Thousands Of Californians Could Be Pushed Off Government Assistance Programs Under Proposed ‘Public Charge’ Policy
The proposed policy would expand the definition of public charge to include legal immigrants who use safety net programs such as Medicaid or food aid. The rule changes haven’t been approved yet, but already agencies that administer public programs are reporting a sharp rise in people dropping out.
The California Health Report:
Researchers Warn That "Public Charge" Rule Changes Would Lead To Hardship, Economic Losses In California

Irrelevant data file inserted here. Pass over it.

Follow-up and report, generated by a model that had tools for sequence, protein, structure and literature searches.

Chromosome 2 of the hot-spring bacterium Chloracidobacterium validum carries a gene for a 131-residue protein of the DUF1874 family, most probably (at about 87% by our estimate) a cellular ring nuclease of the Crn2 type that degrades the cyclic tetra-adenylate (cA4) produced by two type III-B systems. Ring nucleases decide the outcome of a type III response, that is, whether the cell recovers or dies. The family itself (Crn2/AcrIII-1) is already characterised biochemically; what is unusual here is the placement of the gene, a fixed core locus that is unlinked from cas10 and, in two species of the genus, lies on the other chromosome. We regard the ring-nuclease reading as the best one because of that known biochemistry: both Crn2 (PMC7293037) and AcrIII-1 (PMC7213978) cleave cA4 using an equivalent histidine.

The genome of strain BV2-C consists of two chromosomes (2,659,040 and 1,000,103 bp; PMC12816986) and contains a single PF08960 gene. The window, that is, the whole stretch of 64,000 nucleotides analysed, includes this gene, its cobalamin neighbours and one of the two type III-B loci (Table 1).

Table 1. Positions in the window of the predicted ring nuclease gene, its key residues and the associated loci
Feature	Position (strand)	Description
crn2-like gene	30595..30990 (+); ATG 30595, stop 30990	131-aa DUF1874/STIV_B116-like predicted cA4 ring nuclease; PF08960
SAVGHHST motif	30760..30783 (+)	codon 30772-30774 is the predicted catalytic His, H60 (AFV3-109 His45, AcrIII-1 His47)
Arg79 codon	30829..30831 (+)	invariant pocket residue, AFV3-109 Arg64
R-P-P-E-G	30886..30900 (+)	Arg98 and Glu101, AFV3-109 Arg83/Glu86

The Trump administration’s proposed changes to public charge rules for deciding immigration cases could push thousands of Californians out of government assistance programs and result in billions of dollars of losses to the state’s economy, according to a forthcoming analysis from the UCLA Center for Health Policy Research. Under the changes the federal government proposed in October, legal immigrants applying for permanent residency could be denied if they’ve received certain public health care, food or housing benefits. In California, these benefits include Medi-Cal, the state’s version of Medicaid, which provides health insurance for low-income residents; housing assistance such as Section 8 vouchers; and CalFresh, the state’s name for the federal Supplemental Nutrition Assistance Program (SNAP), commonly known as food stamps. Even though the rule changes would affect a relatively narrow group of people, experts predict hundreds of thousands more Californians could drop out of government programs because of confusion and fear. This so-called chilling effect would disproportionately affect children and Latinos, increasing poverty, hunger and poor health in communities across the state, researchers said. (Boyd-Barrett, 11/8)